The Mad Scientists Strike Again

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I admit it - I am secretly a horror film fan. It's a childhood habit I never grew out of, like macaroni and cheese and Disney World. This past weekend, when my brother was in town (the only person who will still watch these with me), we spent two of our hours together in The Mist, a Stephen King movie from 2007.

It was terrible. This is probably no surprise to any of you who actually remember its release. But, I found it enjoyable (at least harmless) enough until we found out why those giant alien bugs were tromping around in the mist - a team of misguided, fame-hungry scientists working for the military had opened a portal to another dimension, allowing these monsters to pass through and annihilate our planet.

I get it - this is not the first time scientists have been portrayed as mad, or dangerous, in American cinema. It happens all the time. Artistic license is artistic license. What got me was the speech delivered by the town's religious zealot, who was trying to convince the survivors of the attack (hiding out in a grocery store together) that this disaster was sent down on them from above because science had gotten too greedy. Then she starts demanding sacrifices. Yikes.

I don't really think that people subscribe to this "science is evil" mentality, especially to the extent it is portrayed in the film. That's not my issue. But, I do think that science gets a bad wrap a lot of the time, often because all the facts surrounding an issue aren't fully understood. On the other hand, I also understand that there has been a lot about scientific research, both in the past and present, that one could find troubling, depending on your personal and religious beliefs. The recent headlines about "designer babies" come to mind as one example.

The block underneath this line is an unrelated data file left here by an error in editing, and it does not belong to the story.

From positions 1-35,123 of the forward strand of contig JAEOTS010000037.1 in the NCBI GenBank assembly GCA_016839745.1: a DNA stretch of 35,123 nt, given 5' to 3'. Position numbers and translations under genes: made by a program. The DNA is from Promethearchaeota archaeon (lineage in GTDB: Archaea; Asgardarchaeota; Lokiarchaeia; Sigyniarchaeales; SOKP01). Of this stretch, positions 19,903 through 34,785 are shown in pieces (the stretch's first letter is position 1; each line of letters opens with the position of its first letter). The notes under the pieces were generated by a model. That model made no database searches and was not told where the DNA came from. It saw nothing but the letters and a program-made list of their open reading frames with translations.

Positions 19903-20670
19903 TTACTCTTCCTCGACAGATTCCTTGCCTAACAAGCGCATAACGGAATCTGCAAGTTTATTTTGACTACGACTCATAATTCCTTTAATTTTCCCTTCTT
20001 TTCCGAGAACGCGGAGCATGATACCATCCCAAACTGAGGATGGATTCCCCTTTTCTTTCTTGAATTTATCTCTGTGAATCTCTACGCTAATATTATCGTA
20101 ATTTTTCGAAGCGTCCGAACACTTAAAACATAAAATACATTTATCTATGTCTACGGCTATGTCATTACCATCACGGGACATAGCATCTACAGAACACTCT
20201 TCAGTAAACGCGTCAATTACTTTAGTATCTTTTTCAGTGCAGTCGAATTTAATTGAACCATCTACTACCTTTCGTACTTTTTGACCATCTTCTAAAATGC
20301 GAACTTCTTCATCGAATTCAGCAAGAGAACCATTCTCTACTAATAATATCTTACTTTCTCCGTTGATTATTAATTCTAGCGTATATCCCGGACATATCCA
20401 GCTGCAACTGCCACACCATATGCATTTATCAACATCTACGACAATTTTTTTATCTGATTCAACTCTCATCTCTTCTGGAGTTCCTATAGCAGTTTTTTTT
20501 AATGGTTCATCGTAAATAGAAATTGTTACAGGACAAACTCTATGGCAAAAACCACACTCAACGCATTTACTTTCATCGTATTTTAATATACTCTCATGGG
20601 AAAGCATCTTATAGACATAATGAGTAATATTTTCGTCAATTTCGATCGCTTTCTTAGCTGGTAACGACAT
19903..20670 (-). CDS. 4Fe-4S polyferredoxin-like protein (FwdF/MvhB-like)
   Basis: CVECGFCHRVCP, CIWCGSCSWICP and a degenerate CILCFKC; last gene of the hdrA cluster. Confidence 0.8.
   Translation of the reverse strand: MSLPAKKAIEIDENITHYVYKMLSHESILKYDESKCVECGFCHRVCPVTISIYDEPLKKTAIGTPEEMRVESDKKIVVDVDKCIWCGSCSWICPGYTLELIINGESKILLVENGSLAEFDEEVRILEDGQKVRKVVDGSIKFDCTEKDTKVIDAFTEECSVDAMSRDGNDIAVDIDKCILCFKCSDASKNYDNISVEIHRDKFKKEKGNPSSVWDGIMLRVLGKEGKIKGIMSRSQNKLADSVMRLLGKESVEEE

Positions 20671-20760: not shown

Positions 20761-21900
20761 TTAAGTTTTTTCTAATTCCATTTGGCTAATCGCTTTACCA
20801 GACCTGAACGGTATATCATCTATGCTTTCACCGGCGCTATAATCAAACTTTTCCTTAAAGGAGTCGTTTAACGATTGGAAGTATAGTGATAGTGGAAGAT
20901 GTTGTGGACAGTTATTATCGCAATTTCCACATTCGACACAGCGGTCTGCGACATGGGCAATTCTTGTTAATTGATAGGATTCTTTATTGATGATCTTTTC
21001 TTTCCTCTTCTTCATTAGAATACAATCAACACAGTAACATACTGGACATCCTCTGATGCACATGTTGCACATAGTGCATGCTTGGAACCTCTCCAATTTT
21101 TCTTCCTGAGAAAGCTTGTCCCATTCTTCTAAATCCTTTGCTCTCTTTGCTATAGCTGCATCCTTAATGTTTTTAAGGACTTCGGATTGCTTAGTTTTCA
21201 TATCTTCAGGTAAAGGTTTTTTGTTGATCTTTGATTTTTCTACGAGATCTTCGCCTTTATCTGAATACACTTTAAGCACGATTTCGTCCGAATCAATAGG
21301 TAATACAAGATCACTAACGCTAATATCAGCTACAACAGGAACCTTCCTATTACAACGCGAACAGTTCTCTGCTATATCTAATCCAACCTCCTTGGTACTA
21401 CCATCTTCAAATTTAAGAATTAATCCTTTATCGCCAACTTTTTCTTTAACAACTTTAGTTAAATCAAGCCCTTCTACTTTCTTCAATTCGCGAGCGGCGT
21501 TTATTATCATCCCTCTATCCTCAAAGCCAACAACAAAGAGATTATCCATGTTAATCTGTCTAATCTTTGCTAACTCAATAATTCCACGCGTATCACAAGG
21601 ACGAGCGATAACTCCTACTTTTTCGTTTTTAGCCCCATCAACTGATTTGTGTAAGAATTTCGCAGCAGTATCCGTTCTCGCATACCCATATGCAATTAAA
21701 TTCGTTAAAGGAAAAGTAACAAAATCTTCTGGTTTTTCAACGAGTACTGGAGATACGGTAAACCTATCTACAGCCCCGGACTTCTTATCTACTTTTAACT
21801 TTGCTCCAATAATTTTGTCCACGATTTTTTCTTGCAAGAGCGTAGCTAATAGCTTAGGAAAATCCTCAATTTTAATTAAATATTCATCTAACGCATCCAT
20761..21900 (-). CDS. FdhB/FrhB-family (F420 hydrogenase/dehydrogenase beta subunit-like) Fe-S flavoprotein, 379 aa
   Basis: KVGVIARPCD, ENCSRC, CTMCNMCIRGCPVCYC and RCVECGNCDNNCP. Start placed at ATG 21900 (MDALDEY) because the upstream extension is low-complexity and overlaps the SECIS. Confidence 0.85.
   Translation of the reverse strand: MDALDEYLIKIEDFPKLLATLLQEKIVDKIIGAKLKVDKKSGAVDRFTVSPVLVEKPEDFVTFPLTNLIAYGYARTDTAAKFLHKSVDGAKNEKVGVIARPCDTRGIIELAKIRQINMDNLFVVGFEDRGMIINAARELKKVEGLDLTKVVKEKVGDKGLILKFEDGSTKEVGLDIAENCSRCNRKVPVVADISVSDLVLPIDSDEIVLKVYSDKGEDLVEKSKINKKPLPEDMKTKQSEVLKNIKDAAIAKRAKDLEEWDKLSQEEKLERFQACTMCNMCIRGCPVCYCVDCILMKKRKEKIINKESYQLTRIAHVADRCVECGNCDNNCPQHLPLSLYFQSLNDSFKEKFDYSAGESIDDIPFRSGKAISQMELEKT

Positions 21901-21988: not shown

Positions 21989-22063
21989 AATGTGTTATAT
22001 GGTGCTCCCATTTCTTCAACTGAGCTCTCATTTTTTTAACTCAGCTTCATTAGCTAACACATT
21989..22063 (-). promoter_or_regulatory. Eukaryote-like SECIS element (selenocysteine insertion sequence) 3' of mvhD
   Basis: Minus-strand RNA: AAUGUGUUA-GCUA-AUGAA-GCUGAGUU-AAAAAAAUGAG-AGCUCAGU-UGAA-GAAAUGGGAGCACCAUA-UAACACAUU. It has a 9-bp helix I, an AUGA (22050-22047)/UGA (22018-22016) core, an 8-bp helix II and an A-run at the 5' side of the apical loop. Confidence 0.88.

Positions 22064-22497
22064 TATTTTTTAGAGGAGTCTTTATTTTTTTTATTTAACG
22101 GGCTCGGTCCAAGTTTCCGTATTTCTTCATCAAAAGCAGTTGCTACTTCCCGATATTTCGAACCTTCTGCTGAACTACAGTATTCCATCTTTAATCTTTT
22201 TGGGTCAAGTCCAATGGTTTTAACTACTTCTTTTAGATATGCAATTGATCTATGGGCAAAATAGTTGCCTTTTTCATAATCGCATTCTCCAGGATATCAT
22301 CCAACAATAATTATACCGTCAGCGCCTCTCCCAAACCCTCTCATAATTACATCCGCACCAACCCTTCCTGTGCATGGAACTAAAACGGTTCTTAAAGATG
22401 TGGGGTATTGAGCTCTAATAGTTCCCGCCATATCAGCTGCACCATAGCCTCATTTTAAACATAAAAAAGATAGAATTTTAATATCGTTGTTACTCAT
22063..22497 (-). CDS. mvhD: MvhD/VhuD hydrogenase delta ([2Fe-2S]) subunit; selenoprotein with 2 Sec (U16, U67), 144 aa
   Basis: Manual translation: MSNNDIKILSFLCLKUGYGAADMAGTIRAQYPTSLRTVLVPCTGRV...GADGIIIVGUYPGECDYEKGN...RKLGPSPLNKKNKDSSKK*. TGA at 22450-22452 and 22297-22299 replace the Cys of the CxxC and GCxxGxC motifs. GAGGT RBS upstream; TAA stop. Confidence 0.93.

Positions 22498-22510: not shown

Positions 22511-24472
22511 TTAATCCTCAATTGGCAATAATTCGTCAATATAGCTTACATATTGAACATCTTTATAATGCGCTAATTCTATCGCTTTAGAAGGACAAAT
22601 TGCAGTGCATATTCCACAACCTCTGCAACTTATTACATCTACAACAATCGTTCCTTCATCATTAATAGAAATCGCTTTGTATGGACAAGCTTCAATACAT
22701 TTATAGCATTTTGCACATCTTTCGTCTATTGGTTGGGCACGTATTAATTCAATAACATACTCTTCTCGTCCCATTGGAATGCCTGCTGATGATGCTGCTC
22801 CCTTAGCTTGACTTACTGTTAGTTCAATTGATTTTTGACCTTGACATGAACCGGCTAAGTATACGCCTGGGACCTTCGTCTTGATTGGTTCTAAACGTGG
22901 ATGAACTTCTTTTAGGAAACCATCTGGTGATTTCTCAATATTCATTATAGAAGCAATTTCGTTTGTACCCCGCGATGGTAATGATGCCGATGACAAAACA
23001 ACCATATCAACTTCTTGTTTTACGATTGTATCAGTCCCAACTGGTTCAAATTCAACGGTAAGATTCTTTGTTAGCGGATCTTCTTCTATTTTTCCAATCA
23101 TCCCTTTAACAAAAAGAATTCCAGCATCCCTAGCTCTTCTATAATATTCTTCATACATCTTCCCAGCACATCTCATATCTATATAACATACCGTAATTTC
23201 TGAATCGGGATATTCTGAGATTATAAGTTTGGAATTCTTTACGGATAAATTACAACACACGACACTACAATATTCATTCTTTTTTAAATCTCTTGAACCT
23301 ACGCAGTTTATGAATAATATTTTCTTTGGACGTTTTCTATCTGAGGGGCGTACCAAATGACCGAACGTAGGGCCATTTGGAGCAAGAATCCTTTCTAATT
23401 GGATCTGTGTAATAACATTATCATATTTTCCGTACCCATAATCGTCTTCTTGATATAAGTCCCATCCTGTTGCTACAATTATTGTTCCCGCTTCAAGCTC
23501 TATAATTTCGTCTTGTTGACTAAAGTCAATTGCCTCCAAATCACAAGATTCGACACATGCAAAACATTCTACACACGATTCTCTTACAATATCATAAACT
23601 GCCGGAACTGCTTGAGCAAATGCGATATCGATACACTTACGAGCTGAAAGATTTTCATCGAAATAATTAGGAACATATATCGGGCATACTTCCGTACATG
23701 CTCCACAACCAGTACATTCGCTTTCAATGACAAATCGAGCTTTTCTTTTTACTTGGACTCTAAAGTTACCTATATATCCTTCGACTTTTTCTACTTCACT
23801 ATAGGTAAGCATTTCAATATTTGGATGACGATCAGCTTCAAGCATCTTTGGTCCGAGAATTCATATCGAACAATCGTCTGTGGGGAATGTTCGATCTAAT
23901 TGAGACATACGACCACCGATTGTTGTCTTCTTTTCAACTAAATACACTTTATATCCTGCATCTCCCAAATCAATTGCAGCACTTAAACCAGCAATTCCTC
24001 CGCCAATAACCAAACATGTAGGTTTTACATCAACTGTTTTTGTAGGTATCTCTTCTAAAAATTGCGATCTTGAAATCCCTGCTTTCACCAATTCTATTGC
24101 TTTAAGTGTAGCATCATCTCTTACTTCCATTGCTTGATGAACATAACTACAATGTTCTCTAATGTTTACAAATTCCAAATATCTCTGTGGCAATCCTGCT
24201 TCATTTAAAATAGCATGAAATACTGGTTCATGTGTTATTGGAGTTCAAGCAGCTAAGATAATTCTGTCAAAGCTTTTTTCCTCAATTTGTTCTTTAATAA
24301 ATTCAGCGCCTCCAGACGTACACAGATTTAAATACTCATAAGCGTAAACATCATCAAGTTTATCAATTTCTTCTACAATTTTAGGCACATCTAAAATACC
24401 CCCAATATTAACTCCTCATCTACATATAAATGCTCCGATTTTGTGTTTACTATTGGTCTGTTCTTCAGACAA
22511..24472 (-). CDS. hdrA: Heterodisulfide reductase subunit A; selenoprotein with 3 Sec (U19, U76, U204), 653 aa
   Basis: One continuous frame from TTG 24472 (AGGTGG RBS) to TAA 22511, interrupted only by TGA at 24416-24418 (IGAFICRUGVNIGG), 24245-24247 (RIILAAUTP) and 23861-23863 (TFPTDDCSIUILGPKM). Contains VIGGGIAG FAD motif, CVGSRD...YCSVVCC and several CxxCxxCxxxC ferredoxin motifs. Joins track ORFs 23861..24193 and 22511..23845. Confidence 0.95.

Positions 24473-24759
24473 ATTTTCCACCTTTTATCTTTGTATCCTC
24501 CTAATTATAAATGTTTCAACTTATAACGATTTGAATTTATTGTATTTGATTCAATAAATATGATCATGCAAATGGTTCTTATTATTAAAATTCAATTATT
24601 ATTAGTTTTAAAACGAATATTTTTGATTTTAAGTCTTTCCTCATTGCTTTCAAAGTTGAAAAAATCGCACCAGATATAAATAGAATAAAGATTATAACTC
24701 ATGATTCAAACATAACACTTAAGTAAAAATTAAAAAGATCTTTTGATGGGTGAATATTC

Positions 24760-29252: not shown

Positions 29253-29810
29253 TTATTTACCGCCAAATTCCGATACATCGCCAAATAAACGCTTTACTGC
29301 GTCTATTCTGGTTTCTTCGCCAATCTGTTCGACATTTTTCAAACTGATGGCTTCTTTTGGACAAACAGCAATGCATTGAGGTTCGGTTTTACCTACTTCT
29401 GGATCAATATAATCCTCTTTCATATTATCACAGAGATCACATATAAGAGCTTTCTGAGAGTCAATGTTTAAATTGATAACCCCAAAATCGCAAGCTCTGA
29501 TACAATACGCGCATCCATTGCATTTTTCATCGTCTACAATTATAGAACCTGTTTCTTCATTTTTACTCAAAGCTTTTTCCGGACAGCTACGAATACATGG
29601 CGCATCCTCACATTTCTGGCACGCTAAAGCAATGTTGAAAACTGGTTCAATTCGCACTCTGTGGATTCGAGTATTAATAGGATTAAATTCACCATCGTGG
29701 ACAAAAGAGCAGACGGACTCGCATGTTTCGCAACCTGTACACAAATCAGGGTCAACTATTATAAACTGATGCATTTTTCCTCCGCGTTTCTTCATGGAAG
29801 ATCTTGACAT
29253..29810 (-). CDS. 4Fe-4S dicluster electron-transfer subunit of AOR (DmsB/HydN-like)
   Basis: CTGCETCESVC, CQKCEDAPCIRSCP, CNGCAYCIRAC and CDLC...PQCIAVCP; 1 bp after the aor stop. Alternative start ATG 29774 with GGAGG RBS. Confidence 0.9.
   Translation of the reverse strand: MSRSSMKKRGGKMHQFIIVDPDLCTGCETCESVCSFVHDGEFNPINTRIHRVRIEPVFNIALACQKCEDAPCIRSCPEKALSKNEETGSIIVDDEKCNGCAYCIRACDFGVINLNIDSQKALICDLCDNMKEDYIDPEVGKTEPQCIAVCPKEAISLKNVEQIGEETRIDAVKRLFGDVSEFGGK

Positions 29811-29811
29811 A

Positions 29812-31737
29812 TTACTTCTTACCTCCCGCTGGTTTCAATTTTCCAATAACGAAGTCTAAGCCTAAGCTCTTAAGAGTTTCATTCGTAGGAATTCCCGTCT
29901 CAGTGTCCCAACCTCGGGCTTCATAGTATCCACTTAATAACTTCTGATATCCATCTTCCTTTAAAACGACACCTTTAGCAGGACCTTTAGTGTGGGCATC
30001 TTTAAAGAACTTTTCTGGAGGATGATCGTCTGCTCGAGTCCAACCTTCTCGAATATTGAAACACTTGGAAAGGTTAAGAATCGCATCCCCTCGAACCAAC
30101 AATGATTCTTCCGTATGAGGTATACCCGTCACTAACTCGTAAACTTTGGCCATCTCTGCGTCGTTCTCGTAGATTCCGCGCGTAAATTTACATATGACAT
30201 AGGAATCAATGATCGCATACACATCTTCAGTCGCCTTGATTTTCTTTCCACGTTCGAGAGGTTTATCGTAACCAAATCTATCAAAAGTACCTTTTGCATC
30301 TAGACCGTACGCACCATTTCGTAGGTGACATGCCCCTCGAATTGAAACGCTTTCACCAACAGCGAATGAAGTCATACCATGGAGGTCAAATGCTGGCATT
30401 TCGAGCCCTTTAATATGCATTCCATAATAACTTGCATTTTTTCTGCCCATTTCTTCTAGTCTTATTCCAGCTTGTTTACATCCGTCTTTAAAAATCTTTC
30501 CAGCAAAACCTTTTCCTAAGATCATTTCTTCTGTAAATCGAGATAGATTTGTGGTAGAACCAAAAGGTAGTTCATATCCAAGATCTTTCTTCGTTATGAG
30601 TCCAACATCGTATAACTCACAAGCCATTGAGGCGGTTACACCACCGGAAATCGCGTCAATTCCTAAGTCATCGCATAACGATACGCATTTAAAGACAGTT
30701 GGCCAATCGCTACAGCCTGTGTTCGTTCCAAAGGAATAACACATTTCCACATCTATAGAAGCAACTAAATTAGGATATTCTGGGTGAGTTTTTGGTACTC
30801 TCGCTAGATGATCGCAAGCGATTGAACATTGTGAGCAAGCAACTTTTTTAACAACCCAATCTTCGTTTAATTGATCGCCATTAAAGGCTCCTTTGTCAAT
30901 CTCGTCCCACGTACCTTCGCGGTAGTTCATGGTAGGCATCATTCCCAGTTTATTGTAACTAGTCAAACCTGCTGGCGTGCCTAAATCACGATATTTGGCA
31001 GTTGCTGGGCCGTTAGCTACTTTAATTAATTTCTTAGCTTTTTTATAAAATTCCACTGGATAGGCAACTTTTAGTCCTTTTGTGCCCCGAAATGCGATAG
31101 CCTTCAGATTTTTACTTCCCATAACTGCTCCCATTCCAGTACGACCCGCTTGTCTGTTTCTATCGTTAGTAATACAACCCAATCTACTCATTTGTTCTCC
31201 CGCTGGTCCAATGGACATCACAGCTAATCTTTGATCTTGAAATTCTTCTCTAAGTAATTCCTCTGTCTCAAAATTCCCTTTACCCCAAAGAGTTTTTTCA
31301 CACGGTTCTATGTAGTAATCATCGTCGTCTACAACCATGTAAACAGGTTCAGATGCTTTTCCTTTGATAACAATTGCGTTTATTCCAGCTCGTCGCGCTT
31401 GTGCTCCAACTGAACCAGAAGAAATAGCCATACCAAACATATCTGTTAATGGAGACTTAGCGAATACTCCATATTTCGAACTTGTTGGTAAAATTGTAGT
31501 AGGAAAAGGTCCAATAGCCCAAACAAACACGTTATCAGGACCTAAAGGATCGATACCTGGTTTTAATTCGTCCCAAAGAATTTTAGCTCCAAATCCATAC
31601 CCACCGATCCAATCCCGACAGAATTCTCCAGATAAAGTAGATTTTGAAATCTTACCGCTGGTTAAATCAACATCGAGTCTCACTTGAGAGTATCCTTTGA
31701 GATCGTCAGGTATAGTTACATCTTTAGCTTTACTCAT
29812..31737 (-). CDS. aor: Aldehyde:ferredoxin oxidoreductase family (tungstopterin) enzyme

Above all (and my point finally is),  I think it's important to remember that a lot of what we take for granted now is due to science and the people who move it forward, often pushing the boundaries of their times. What would our world look like today without vaccines, or penicillin? MRI's, electricity, even plastics? Every day, scientific research has the potential to fundamentally change our lives, from discovering new ways to cure or prevent disease, to developing alternative energy solutions that help us put our planet back on a better track. Not so much opening the door to creatures from other dimensions - probably not a priority.

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